Mr. Saltwater Tank

Write-Up Wednesday: How I Get New Arrivals To Eat

One of the most exciting parts about owning a saltwater aquarium is acquiring new fish for your system. There are few things more boring than a saltwater tank with no fish in it!

Whether you get your fish at a local fish store, or from a reputable online retailer, the first goal for new arrival is to get it to eat. When the fish eats, it keeps its strength up which helps it fight off diseases as well as helps them transition to their new home.

If I’m quarantining fish for clients or for myself, my process for getting the fish to eat doesn’t change. Here’s what I do:

Step #1: Ask what the vendor feeds. If you can find out what the fish is already used to eating, that is a great step ahead. The fish should recognize the food and start eating within the first 24 hours of arrival.

Step #2: Every fish goes into a quarantine tank. I DO NOT skip this step. In addition to keeping fish diseases out of your display tank, I’m a big fan of quarantining fish to get them to eat. In a quarantine tank there is no competition for food and you can work with the fish one on one. Contrast this approach with immediately placing a new arrival into a display tank where the existing fish already have territories, a pecking order established and they are used to your foods. The new arrival has to figure out who might be a friend, who might be a foe, what part of the tank is someone else’s territory, where in the pecking order it resides and then decide if it wants to eat your food. The quarantine tank removes all of these variables and lets you focus on just the food.

Step #3: Live First. Whenever I can, I acquire live brine shrimp to feed new arrivals. While brine shrimp are not nutritionally dense, live brine jerk back and forth in the water column and entice even the pickiest of eaters. If I can’t get live brine, then I’ll start with frozen brine. As soon as the fish is eating brine or if it hasn’t eaten anything in 2 days, I go to step #4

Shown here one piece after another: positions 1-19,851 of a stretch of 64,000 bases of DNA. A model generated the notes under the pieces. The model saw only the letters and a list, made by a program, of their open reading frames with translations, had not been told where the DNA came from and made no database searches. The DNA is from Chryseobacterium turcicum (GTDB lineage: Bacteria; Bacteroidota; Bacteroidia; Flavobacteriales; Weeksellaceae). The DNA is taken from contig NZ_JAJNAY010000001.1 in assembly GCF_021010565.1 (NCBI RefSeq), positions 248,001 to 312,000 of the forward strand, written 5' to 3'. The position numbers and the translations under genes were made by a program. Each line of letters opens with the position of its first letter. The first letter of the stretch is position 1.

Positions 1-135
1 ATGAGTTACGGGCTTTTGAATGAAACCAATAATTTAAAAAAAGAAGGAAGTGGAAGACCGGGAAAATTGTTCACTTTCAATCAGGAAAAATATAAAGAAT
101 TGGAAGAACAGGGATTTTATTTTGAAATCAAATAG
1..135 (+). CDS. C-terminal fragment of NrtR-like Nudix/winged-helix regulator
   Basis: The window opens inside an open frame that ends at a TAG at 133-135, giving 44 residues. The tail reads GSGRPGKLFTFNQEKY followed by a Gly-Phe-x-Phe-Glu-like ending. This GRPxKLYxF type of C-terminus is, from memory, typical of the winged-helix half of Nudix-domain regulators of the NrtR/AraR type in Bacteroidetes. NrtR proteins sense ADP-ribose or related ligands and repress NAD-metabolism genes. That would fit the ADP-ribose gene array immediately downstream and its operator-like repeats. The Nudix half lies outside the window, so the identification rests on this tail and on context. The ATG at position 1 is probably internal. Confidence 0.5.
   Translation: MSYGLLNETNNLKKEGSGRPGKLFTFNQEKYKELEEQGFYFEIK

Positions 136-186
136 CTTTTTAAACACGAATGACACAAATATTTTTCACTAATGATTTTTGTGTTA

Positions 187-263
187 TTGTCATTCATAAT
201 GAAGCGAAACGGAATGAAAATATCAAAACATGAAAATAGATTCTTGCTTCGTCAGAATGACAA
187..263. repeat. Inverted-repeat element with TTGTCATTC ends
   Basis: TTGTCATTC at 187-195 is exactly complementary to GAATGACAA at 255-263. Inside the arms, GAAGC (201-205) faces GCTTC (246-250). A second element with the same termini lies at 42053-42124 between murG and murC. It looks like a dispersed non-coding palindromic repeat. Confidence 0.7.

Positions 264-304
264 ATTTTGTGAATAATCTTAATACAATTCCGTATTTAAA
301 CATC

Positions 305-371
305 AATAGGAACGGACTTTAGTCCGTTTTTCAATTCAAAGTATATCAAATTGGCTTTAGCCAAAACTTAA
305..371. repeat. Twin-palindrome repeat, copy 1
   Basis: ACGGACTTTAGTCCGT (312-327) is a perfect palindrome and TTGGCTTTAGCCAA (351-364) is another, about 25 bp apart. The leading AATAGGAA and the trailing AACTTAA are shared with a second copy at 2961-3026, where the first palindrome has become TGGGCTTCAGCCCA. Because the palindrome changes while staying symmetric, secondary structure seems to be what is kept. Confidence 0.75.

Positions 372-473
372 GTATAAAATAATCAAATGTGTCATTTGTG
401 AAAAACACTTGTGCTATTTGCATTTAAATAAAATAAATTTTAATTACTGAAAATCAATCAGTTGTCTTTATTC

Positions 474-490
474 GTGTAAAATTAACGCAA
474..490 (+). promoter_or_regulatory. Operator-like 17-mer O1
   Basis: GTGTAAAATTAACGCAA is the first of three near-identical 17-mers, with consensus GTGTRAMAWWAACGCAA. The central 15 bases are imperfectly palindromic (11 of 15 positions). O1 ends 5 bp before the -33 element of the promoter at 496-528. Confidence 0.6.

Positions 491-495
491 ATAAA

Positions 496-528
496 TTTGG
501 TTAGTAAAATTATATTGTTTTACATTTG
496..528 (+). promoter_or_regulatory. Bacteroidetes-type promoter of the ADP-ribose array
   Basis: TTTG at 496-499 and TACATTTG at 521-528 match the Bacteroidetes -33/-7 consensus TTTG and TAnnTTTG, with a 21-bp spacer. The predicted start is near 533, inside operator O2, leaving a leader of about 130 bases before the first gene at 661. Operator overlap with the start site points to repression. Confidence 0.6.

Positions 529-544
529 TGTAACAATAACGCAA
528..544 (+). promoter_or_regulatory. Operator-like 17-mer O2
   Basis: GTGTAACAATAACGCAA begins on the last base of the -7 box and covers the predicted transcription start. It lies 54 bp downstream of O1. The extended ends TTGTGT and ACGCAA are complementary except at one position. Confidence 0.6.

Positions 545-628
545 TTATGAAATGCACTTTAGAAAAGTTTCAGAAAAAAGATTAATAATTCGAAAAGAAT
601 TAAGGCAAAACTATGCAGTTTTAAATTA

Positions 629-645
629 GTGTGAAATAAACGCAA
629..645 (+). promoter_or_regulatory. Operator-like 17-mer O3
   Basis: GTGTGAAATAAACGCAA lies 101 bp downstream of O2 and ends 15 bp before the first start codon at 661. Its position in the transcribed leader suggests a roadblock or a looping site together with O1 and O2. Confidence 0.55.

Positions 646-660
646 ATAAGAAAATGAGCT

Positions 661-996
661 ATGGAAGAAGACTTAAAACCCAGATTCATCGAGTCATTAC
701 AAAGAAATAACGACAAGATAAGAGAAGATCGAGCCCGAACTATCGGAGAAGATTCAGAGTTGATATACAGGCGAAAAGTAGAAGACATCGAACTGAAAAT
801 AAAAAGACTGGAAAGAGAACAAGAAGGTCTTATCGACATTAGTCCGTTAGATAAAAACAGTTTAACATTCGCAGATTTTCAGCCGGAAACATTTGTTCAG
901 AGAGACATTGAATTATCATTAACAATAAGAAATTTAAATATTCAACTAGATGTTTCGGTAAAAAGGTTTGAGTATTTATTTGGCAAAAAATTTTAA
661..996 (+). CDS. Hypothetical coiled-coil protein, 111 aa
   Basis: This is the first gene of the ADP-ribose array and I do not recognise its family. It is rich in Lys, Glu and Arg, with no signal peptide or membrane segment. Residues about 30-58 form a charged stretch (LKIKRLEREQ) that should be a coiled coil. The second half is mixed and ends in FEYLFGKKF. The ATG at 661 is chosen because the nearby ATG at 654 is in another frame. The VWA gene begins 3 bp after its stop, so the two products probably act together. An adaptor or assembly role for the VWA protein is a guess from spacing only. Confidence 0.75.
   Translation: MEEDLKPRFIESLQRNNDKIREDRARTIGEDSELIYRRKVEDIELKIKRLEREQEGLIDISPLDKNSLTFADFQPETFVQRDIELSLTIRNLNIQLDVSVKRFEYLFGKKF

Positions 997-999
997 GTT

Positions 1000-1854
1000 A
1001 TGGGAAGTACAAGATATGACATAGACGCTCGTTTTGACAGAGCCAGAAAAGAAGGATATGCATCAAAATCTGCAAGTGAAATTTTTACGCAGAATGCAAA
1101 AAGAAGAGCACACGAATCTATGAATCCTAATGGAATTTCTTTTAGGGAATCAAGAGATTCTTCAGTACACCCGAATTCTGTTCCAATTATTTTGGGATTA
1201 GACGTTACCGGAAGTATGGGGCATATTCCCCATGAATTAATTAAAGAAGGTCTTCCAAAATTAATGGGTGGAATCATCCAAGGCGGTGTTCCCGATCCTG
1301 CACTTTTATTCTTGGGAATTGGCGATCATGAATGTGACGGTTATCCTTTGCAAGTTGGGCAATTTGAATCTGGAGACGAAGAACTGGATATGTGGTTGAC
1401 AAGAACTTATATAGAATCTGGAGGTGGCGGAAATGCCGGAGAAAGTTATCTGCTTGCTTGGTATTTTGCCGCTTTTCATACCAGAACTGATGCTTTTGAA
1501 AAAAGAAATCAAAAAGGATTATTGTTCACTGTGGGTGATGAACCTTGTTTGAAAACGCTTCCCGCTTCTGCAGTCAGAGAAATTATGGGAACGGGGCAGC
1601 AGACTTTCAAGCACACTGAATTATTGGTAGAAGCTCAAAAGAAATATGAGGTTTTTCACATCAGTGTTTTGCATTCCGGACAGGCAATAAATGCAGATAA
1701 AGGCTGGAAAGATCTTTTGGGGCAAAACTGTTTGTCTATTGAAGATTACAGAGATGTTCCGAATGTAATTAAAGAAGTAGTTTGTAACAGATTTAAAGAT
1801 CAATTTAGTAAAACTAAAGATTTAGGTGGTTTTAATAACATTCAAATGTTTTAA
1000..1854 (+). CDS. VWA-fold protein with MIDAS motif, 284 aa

Step #4: Bring in Larry and his sidekick. Larry’s Reef Services makes a fantastic frozen food called “ LRS Fish Frenzy”. It is comprised of fresh seafood and fish love it. Fish Frenzy also contains PE Mysis shrimp and I’ll mix in additional PE Mysis as I’ve found some picky eaters are more drawn to the shrimp shape vs. a clump of fresh seafood. For small mouthed fish I’ll chop up the Fish Frenzy and PE Mysis to make sure the food will fit in the fish’s mouth.

Step #5: Mix it up. Once the fish is eating Fish Frenzy and/or PE Mysis consistently, I’ll see if the fish is interested in pellets or flaked foods. I like variety in my fish diets and while I don’t feed a lot of flaked foods and even less pellets, I still like the animal to be used to eating a variety of foods. Getting the fish to eat pellet/flakes makes feeding the fish while you are away a lot easier as you can setup an automatic fish feeder and know that the fish will eat the food. If I’m gone for more than 3 days, I’ll call in my fish sitter to feed frozen as I like the variety and not all my fish eat pelleted or flaked foods.

I’ll also introduce nori to herbivores like tangs. While the fish is in quarantine there is no competition for the nori in the clip and I can help ensure the fish has a good experience while eating. I’ve seen plenty of tangs avoid feeding clips or even nori secured to a rock because they were repeatedly chased way by more aggressive eaters.